Every now and then a business trend comes along with “ignore at your own risk” written all over it. The external workforce falls squarely into that category. It’s a burgeoning business reality, currently accounting for 35% of the total workforce and growing, according to an October 2015 survey by Ardent Partners, “The 2015-2106 State of Contingent Workforce Management Report.” For a variety of compelling reasons, including cost control, efficiency, and regulatory compliance, CFOs and the finance team must play a more hands-on role in strategies, policies, and procedures as they apply to the contingent workforce.
A quick definition and a look at the numbers
The external workforce goes by many names and includes contingent or temporary workers, statement of work (SOW) and other project-based services, and independent contractors. This external workforce is everywhere, filling important roles in a variety of businesses and industries including contingent, on-demand nurses, project-based IT contractors, and oil rig workers at high-risk job sites, to name just a few.
There are three major drivers contributing to the move away from the customary nine-to-five model:
- Companies are increasingly making the choice to extend their employee network to include external talent.
- Technology has facilitated the ability of an organization to find the right vendor and the right talent from anywhere in the world.
- The workforce has significantly evolved. More workers, especially Millennials, are choosing to engage differently with their employers.
According to the survey by Ardent Partners, a number of problems and opportunities arise from this shift away from the conventional workforce:
- 95% of companies view the contingent workforce as vital to corporate growth and success.
- 70% of companies expect their contingent workforce to grow rapidly over the next year.
- 40% of businesses face a lack of intelligence regarding their global contingent workers.
- Only 51% of contingent labor is formally accounted for in planning, budgeting, and forecasting.
Why CFO involvement and oversight are needed now
As contingent workers change the face of customary approaches to planning, budgeting, and project execution, involvement by the CFO and the finance team can have a profound, enterprise-wide effect on maximizing the benefits and decreasing the risks of using external workers.
1. Visibility into costs and performance
The ability to have ongoing, real-time information about the contingent workforce is a major challenge. Who and where are they, exactly? What projects are they working on? Are projects being delivered on time? How much do they cost? What’s being billed and how? Are targets being met? The analytical and forecasting expertise and capabilities of the CFO and the finance department can be major contributors to answering these types of questions. As a result, the organization will enjoy enhanced decision making that can be applied to both current and future talent management strategies.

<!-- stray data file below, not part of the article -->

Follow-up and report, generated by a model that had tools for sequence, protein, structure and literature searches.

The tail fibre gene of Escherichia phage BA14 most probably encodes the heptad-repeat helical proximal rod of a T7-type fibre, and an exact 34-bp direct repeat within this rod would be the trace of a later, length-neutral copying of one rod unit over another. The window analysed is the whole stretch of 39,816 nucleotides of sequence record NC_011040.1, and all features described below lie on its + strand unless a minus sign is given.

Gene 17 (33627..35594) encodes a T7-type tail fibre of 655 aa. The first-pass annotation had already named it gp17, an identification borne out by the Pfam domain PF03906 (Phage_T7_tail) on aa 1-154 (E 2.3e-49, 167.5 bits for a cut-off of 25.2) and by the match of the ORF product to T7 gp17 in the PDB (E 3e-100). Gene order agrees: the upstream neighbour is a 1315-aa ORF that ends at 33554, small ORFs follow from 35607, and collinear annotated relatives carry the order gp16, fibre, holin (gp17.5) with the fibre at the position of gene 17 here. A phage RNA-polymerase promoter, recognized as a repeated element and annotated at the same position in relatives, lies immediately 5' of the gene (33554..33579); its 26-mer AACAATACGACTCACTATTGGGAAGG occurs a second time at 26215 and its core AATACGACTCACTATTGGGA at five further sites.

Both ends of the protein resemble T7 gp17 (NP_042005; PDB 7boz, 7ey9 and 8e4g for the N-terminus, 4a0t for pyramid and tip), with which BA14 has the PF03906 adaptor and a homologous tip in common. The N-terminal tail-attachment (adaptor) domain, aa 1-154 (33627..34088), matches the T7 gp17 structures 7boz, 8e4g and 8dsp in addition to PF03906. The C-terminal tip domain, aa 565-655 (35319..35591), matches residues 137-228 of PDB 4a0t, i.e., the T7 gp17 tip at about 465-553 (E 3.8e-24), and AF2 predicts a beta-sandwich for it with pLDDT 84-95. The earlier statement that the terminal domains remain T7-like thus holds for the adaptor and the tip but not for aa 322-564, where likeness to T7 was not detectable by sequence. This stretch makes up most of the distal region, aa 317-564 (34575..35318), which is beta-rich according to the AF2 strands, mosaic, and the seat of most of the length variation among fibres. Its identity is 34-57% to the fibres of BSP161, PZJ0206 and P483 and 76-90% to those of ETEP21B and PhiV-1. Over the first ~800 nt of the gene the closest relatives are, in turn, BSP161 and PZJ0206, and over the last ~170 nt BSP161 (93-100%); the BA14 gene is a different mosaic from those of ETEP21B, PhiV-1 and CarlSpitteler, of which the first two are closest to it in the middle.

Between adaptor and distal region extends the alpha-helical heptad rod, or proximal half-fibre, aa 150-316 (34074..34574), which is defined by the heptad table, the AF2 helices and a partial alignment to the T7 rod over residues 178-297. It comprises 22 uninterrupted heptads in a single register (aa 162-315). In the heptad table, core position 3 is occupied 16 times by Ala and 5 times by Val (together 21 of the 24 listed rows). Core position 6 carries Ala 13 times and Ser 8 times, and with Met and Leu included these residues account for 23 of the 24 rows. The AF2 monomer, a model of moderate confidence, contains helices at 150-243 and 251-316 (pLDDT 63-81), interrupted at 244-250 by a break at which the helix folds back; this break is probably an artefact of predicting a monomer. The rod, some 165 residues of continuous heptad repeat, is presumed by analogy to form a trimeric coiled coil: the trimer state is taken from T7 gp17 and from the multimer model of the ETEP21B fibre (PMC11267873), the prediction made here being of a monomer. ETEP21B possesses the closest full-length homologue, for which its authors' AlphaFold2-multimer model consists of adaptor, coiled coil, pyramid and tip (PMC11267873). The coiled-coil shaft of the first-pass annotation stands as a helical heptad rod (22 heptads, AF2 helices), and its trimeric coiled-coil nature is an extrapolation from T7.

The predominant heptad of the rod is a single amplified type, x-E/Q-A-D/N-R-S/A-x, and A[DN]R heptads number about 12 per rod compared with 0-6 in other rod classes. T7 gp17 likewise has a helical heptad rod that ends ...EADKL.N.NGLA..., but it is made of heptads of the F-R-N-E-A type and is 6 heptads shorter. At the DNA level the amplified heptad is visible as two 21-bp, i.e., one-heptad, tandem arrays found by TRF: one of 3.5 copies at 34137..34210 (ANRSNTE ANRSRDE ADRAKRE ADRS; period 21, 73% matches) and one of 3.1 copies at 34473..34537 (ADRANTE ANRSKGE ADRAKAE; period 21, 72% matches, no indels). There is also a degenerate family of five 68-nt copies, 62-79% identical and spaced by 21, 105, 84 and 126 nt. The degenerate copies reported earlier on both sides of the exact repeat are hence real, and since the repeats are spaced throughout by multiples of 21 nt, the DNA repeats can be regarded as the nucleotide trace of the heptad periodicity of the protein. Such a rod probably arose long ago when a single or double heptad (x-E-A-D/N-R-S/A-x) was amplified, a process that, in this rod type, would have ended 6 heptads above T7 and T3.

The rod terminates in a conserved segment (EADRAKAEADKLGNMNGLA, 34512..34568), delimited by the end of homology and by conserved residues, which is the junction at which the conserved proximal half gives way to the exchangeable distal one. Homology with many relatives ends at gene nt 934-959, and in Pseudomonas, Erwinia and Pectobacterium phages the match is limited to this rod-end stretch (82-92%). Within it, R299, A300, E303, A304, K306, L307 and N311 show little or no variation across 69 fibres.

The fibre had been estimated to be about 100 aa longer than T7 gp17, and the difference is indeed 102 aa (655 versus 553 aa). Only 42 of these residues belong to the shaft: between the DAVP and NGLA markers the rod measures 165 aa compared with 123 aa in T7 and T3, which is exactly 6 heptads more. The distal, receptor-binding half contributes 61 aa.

2. Cost control
While talent provides the competitive edge for most enterprises, it is also a key driver of costs. This area is sorely in need of what CFOs and their teams do best. For example, finance can pinpoint and analyze overspend areas that are not worth the costs, thus freeing up monies for resources that are better contributors to organizational growth and success. Finance can also bring to bear its talents for improving cash flow management, cost accounting, and managing reserves. Cross-industry standards show that imposing tighter cost controls on management of the external workforce results in savings of 10%-12%.
3. Efficiency for accounting staff
Accounts payable staff can spend an inordinate amount of time chasing down vendors, agreements, and paid versus agreed-upon fees. Streamlining and automating these processes can be of value to both the department and the organization, freeing up staff to handle more strategically beneficial initiatives.
4. Compliance with regulations and tax laws
According to the Ardent Partners survey, only 22% of organizations have a robust compliance program that prioritizes minimizing labor risks. If left undefined and unhandled, issues such as employee misclassification and co-employment (the relationship of the worker to the hiring company and the agency) can undo the benefits of using a contingent workforce. With their emphasis on – and understanding of – compliance issues, the CFO and finance team can be key players in mitigating risks both nationally and internationally, especially as tax laws and global regulations continue to rapidly shift.
As the use of contingent workers continues to gain momentum across organizations and across borders, the CFO and the finance team are well poised to support the business in workforce management.
For more information on this topic, please read “The 2015-2016 State of Contingent Workforce Management Report.”